I have known Angus Massey for 2 years now. We have talked about this exhibition over a year ago, but I guess things happen in their own time. I am very happy we’ve got to this point – one week away from Framed #17, where Angus will be showing his sculpture, brush & ink calligraphy and font work. Angus is originally from Ireland, lived in Italy, Israel, India and now Berlin.
So many things I’ve wanted to ask Angus, so I have…
Here are some of them followed by his reply –
You are influenced by Eastern philosophies.
Could you explain how do these Eastern philosophies effect your work?
Science has come to a point at the quantum level, where the observer and observed cannot be meaningfully separated. Eastern philosophy in general, and Advaita and Shaivism in particular, comes to the same point through a study of subjective experience. The underlying field of all reality, I believe, is consciousness. Finding ways of expressing this truth is what fuels my work.
Looking at your beautiful sculptures, it seems so complex making them.
How long is the process of creating a sculpture and what are the main steps of this procedure?
It takes typically from six weeks to two months to make a bronze, but can take much longer and often does. Here are the steps in succession: sketching, scale-drawing, making an armature, modelling the sculpture in clay, moulding the finished clay, making a hollow wax from that mould, modelling the wax sculpture, moulding for bronze, pouring: raw-bronze, chased, patinated, based. finished.
I know you are a musician as well as an artist and that you are a great fan of music.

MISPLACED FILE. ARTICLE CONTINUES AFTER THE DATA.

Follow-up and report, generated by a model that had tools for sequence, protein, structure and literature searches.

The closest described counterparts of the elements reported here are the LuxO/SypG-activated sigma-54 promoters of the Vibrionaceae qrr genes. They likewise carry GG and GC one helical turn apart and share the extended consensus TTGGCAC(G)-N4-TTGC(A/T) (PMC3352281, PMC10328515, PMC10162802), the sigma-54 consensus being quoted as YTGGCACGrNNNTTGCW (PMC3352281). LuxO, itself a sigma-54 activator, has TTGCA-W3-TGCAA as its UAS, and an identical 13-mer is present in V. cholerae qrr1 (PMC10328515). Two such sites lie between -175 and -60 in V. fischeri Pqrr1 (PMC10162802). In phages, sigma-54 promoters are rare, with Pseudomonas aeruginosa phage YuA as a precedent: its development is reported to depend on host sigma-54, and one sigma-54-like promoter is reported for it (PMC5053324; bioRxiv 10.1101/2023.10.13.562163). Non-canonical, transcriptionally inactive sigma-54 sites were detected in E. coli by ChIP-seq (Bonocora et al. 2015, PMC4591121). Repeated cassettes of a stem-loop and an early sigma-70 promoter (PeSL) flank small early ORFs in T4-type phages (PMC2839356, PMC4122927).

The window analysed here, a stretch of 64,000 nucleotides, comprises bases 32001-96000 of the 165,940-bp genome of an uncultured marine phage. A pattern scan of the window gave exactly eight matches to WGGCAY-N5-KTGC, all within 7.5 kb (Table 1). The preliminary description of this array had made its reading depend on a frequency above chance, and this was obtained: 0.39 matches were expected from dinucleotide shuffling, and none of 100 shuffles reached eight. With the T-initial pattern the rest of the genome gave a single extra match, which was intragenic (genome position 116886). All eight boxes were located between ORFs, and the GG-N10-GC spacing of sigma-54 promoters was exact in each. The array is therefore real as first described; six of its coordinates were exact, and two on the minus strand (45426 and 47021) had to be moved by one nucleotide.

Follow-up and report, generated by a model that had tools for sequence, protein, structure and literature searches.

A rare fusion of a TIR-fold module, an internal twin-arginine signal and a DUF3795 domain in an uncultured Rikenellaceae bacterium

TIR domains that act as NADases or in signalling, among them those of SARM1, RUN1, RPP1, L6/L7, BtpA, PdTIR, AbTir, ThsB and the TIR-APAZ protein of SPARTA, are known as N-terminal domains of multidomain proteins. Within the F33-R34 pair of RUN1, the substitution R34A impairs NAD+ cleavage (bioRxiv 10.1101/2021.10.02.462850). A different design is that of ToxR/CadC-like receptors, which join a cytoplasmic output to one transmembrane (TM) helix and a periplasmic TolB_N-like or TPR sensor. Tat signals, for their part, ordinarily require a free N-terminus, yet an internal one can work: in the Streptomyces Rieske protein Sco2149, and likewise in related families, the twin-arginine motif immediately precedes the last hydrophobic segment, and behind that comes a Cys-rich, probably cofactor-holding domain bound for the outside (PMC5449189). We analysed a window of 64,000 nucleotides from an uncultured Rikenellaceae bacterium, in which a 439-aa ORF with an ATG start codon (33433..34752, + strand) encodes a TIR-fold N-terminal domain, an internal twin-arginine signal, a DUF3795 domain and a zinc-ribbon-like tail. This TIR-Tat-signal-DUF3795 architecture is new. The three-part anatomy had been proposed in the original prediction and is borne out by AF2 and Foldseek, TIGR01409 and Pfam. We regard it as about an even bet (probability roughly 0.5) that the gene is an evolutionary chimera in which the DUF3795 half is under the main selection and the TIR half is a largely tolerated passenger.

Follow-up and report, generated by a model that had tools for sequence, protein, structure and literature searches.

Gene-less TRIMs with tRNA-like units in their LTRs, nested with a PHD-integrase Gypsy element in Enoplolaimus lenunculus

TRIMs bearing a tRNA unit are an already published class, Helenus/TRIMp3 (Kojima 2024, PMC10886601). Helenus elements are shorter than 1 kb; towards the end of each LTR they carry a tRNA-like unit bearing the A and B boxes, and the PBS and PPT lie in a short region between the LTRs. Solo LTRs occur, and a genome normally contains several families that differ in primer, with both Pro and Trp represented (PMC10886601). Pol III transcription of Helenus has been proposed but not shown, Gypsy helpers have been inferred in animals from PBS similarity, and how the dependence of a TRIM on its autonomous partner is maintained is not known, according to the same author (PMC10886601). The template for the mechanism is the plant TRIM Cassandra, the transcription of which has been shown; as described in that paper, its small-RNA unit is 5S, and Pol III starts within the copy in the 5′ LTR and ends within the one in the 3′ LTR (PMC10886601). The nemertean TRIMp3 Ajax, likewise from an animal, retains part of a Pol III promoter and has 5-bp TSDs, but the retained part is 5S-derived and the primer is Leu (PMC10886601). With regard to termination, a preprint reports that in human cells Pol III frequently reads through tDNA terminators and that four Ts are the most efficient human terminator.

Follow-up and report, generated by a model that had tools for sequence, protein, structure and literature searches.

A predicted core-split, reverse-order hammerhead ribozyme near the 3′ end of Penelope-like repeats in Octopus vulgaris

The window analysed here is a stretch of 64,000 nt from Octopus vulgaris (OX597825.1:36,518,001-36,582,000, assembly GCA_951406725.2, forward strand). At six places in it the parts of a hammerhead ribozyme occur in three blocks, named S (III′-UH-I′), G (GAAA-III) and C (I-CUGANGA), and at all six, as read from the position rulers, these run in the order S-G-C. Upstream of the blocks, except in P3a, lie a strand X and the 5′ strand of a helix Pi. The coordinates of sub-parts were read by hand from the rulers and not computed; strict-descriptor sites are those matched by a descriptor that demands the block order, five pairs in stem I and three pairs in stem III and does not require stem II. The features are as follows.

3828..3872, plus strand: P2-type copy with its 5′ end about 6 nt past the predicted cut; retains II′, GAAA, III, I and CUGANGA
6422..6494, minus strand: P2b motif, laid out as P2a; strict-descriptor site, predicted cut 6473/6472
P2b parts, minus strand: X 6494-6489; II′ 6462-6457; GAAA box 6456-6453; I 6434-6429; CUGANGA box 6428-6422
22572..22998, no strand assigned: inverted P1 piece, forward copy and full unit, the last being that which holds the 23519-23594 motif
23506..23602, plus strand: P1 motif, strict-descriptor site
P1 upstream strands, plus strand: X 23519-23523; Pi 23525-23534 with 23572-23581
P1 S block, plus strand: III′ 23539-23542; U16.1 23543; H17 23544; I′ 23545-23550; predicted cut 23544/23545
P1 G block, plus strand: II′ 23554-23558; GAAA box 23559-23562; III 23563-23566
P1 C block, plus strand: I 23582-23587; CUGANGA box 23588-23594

Do you listen to music while working? What do you listen to lately?
Often silence is a better soundtrack for making my work than music. Lately I’ve been listening to more podcasts than music. Tami Simon, Krista Tippett, Rick Archer, Rupert Sheldrake, to name a few.
One can’t ignore all the beautiful figures, you sculpt. Do you have specific figures from real life that you use as inspiration for your work?
Daphna my partner is a constant inspiration. Learning the craft in various studios around Tuscany it was the Renaissance that inspired me and in some ways my work is more in dialogue with that era of the figure.
The mirrors in your work, I feel, create a sense of lightweight and hovering.
When did you start working with the mirrors?
Do you remember that moment you have “discovered” their effect over your work?
Years before I ever used an actual mirror in my work I used draw mirrors and reflections. Back in art college in the early nineties I can remember using mirrors in a makeshift sculpture: broken concave shards assembled together with sand, stones and a wooden frame. I was trying to sculpt a recurring dream.
You have been traveling and working in many different places around the world over the years.
Just out of pure personal curiosity – Where did you feel most comfortable creating your art in?
No one particular place stands out above others, I have been blessed to live and work in many places. Italy was my lifeblood as a sculptor for many years, India was formational in my thought, Israel was very productive but very intense. And now Berlin, which is a Mecca for creatives the world over.